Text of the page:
Hola, नमस्ते , שלום , こんにちは , Hi , مرحبا , Aloha , 你好 , Sawubona , Привет , 안녕 , Ciao , Framers are found across the globe. We speak many languages and are spread far and wide. What better way to introduce the rest of us to your little corner of the planet than by showing us a scene from where you are. So, say Hello From... wherever you are. We'd love to see something special about where life has presently brought you - maybe you're in your hometown or taken a tangent on a business trip. Perhaps you've been fortunate enough to be able to travel for fun in these challenging times and can share your experience with the rest of us. Let's see photos that tell a story, or show us something stark and direct; perhaps a simple shot that defines where you are or who you're with. Make your very own picture post-card. And send it to us, please.

2021 01 SelfPortrait 1069 marco ciavolino post

Norman Rockwell I'm Not.

I've seen others do this I and wanted to try my hand at this iconic self-portrait image. If you want to try it with your hand this follow the link below the photos to download a clean base image and a layed photoshop file and the link I used to create the sketches.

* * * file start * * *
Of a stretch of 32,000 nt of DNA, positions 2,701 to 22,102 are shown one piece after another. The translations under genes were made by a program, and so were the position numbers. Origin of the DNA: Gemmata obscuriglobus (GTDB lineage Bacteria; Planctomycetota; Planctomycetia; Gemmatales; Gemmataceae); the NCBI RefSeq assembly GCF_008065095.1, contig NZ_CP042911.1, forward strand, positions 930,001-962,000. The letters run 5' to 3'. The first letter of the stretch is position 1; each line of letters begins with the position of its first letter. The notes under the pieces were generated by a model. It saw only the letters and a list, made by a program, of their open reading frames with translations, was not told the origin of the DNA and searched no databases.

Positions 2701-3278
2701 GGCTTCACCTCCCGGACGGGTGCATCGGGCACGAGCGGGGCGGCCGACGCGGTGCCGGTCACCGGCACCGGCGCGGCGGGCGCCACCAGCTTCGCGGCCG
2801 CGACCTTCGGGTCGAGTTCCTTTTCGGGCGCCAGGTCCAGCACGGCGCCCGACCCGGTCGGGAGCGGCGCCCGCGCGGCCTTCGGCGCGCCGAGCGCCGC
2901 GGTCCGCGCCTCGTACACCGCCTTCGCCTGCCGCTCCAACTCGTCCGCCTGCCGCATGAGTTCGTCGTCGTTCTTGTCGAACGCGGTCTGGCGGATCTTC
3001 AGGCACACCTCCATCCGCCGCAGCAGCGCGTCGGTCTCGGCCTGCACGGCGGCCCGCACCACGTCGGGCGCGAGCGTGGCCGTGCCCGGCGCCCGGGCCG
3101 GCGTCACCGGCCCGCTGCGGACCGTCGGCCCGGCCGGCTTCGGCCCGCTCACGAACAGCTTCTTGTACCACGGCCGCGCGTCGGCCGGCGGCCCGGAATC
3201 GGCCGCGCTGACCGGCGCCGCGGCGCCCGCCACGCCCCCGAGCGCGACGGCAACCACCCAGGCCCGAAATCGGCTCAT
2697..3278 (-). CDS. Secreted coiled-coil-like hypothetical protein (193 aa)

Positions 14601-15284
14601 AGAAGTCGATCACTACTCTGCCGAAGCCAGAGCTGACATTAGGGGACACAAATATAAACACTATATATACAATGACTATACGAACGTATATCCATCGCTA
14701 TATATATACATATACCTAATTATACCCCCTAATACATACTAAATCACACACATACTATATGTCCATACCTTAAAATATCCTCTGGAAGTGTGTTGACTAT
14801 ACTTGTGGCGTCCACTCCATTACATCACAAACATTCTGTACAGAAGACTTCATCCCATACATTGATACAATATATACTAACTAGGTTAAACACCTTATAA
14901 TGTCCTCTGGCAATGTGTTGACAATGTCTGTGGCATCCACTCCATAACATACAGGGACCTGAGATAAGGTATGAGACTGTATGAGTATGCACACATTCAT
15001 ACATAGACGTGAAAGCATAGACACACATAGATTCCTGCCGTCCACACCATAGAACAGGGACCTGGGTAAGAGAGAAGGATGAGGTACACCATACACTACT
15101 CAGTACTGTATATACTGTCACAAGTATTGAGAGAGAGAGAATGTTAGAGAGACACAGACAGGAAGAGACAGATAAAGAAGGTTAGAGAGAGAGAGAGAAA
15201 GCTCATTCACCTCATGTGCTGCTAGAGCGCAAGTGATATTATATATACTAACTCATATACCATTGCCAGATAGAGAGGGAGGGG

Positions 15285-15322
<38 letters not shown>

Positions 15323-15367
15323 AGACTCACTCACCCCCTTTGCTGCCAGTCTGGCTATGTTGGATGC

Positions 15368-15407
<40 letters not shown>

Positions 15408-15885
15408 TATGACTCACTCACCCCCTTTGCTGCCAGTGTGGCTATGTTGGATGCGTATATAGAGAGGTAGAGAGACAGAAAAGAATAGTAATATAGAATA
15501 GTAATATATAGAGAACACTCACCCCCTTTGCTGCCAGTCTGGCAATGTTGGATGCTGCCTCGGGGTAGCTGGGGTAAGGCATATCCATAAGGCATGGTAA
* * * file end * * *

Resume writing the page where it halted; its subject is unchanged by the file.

Note that I do not smoke a pipe. This one came from Amazon Prime and will go into my prop bucket.

Here is the original painting.

2021 01 SelfPortrait 1069 marco ciavolino source

Want to make your own? Download the Zip file for a two layer photoshop file with the original painting and the cleared version.


Click here to make a pencil sketch from your image.
Note: Works best with a grayscale image with a white background.

2021 01 SelfPortrait 1069 marco ciavolino BASE


What better way to kick things off than embracing the beautiful challenge of turning the camera around and pointing it at your beautiful noggin! That's right. The 52Frames mantra is to "embrace imperfection" and there's nothing more perfectly imperfect than your unique self. It's tradition here at 52Frames to start the year with the Self Portrait challenge, because it's a great opportunity to not only introduce yourselves to the community, but to take a plunge into the space of creative vulnerability. Allow yourself to let go of fear and doubt and show us your true, creative selves. A self-portrait can tell a story, portray a nuanced personality, or just be outright wacky, This is your creation and you can decide how you would like to be "seen". Be creative, be vulnerable, be brave. Be You.